Select the desired text size
Age suitability 8 Plus
Emperors new clothes.
From The Book of Stories for the Storyteller by Fanny E. Coe.
Press F5 to hear again
Start of Story
There once lived an Emperor who was so fond of fine clothes that he
spent great sums of money in order to be beautifully dressed. He cared
little about his army or other affairs of State; he did not care for
amusements; nothing pleased him so much as walking abroad to show off
his new clothes. He had a coat for every hour of the day; and as they
often say of a king, "He is in the council chamber," here it would
usually be, "The Emperor is at his toilet."
The great city in which he lived had always something fresh to show;
every day many strangers came there. One day two men arrived who said
that they were weavers, and knew how to manufacture the most beautiful
cloth imaginable. Not only were the material and texture uncommonly
beautiful, but clothes made of the stuff possessed this wonderful
property that they were invisible to anyone who was not fit for his
office, or who was very stupid.
"Those must indeed be splendid clothes," thought the Emperor.
"Besides, if I had an outfit, I could find out which of my servants
are unfit for the offices they hold; I should know the wise from the
stupid! Yes, this cloth must be woven for me." And he gave the men
much money that they might begin at once to weave their cloth.
Of course they were impostors, but they put together two looms, and
began to move about as if they were working, though they had nothing
whatever on the looms. They were also given quantities of the finest
silk and the best gold, which they hid.
"I wonder how far they have got on with the cloth," thought the
Emperor one day. He remembered that whoever was stupid or not fit for
his office would be unable to see the material. He certainly believed
that he had nothing to fear for himself, but he decided first to send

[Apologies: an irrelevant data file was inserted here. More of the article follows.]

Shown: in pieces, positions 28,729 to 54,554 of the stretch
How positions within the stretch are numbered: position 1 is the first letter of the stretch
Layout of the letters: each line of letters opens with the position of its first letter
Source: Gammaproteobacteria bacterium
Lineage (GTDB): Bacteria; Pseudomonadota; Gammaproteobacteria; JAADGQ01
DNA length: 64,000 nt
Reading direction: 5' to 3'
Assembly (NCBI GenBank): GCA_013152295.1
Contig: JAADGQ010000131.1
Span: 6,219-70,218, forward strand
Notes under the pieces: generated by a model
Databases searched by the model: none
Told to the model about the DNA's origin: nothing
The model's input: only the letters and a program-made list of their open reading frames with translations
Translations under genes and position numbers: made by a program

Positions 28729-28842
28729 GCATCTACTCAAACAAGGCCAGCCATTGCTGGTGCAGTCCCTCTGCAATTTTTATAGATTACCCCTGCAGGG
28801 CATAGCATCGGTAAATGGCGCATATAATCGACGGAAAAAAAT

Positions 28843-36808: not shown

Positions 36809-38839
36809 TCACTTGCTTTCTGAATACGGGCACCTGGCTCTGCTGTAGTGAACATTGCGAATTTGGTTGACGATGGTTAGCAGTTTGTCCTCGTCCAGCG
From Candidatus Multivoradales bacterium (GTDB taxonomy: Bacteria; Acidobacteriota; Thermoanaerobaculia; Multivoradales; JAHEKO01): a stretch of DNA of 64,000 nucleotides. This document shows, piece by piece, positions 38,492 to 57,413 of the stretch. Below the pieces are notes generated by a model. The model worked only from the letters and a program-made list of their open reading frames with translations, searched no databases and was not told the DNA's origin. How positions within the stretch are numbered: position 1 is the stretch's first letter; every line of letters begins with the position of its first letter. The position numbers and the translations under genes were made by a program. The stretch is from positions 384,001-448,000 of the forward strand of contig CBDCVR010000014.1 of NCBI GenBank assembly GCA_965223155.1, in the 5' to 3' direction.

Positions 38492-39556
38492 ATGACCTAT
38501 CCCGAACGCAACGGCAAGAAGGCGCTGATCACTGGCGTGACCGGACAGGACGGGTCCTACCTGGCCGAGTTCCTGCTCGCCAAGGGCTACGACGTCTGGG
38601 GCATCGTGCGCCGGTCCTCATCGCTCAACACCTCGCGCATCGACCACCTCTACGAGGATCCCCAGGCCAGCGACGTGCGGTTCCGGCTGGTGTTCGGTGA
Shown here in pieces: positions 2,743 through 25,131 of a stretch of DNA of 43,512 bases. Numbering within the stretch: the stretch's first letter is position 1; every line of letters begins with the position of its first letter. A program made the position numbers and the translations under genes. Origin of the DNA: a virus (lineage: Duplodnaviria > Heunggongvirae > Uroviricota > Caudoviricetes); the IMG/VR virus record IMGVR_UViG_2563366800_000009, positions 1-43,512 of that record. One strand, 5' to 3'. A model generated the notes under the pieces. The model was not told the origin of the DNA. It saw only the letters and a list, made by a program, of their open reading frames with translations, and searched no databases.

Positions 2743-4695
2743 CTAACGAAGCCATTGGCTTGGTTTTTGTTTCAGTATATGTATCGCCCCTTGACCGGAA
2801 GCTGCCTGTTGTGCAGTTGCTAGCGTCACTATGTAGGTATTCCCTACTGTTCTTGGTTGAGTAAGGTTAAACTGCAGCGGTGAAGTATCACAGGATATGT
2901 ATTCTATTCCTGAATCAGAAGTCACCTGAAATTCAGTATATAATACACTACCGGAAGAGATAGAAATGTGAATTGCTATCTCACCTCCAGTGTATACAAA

a high official in order to see how he stood the test. Everybody in
the whole town knew by this time what a wonderful power the cloth had,
and all were curious to see what was to happen.
"I will send my prime minister to the weavers," thought the Emperor.
"He can judge best what the cloth is like, for he is the wisest man in
Accordingly the old minister went to the hall where the impostors sat
working at the empty looms. "Dear me!" thought the old man, opening
his eyes wide, "I cannot see any cloth!" But he did not say so. "Dear,
dear!" thought he, "can I be stupid? Can I be not fit for my office?
No, I must certainly not admit that I cannot see the cloth!"
"Have you nothing to say?" asked one of the men.
"Oh, it is lovely, most lovely!" answered the old minister, looking
through his spectacles. "What smooth texture! What glowing colours!
Yes, I will tell the Emperor that it is certainly very fine."
"We are delighted to hear you say that," said both the weavers, and
they proceeded to name the colours and describe the appearance of the
The old minister listened with great attention, so that he could tell
the Emperor all about it on his return.
The impostors now demanded more money, and more silk and gold to use
in their weaving. They pocketed all, and went on as they had done
before, working at the empty loom. The Emperor soon sent another
official to report as to when the cloth would be finished. The
minister looked and looked, but there was nothing on the empty loom
and of course he could see nothing.
"Is it not a beautiful piece of cloth?" asked the impostors, and they
appeared to display material which was not there.
"Stupid I am not!" thought the minister, "so it must be that I am not
fitted for my office. It is strange certainly, but no one must be